How ETF investors are playing ‘the most anticipated recession of all time'

Markets have priced in milder recessions across developed markets in 2023, but investors are still wary of the risks of a stubborn inflationary environment and ‘erratic’ central banks

Theo Andrew

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The internet bubble of 2000, the Global Financial Crisis in 2008 and the COVID-19 driven downturn of 2020 could all be defined as “heart attack” recessions. The speed and scale of each passing one brought new gravity to the word ‘unprecedented’.

This time around it has been earmarked. As inflation reaches decade highs and central banks implement the largest rate hiking cycle since the 1980s, the consensus is a global recession at some point in 2023, so how are investors playing the most anticipated recession of all time?

“You will see a recession in all major economies this year, but the market spent 2022 pricing that in and will spend this year looking ahead to an economic recovery in 2024,” Mike Bell, global markets strategist at JP Morgan Asset Management (JPMAM), said.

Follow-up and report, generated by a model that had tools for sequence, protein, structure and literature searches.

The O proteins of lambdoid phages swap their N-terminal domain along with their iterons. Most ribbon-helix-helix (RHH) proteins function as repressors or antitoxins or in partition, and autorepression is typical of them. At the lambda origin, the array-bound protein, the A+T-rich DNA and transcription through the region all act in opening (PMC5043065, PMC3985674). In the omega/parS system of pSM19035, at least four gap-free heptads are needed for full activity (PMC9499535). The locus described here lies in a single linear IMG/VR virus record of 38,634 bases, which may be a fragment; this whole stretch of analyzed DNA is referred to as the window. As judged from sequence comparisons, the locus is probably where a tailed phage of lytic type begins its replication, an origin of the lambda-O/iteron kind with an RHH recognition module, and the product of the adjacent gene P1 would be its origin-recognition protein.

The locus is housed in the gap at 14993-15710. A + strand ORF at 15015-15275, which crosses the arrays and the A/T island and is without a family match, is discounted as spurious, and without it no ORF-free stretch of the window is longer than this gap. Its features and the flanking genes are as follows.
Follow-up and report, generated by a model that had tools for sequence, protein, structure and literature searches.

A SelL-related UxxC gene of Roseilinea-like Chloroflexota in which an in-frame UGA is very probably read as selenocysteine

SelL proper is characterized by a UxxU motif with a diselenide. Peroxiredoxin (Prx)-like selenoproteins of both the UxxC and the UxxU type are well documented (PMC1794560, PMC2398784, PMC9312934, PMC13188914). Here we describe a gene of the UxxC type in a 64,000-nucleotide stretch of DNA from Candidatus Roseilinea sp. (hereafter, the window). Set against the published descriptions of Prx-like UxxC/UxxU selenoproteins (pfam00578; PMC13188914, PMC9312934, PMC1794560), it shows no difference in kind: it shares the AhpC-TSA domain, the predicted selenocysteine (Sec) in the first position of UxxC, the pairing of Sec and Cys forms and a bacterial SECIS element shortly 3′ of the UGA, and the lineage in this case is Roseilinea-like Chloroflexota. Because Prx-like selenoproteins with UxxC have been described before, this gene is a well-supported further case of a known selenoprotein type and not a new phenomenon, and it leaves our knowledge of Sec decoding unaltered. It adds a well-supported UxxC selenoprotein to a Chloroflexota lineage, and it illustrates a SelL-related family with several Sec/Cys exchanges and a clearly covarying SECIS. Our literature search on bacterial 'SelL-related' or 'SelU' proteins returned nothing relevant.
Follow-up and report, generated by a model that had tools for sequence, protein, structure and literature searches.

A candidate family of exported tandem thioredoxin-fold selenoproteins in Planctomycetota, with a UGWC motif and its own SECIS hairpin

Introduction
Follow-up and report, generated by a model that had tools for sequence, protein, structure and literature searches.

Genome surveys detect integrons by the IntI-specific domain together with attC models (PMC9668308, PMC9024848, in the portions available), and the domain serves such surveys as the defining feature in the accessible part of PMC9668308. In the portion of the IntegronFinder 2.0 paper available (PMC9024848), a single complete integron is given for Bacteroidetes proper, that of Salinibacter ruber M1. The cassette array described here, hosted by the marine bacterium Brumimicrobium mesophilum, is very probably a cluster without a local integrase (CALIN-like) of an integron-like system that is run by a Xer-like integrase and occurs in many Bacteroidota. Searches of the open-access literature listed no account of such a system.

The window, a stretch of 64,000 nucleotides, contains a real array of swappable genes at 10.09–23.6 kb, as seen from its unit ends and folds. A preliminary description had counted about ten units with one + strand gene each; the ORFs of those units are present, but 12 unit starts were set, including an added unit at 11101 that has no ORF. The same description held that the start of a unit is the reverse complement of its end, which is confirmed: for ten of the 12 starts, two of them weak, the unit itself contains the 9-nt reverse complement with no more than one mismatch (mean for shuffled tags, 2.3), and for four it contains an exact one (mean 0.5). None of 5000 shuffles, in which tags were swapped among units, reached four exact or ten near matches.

“The consensus view is that we are going to see a relatively moderate recession in the US, but recently we feel much more confident that it will not be that deep in Europe either.”

Inflation in the US fell for the sixth month in a row to 6.5% last December, down from 7.1% in November which has helped drive this risk-on sentiment. The S&P 500 and the STOXX Europe 600 have both rallied, and are up 10.8% and 18.1% from September 2022 lows.

Meanwhile, market consensus that the Federal Reserve will cut interest rates at the end of the year has also helped boost fixed income markets.

According to the Bank of America, the energy price easing has resulted in 70% of economies across the world reporting headline inflation decline; but warns investors could still have much to be wary about.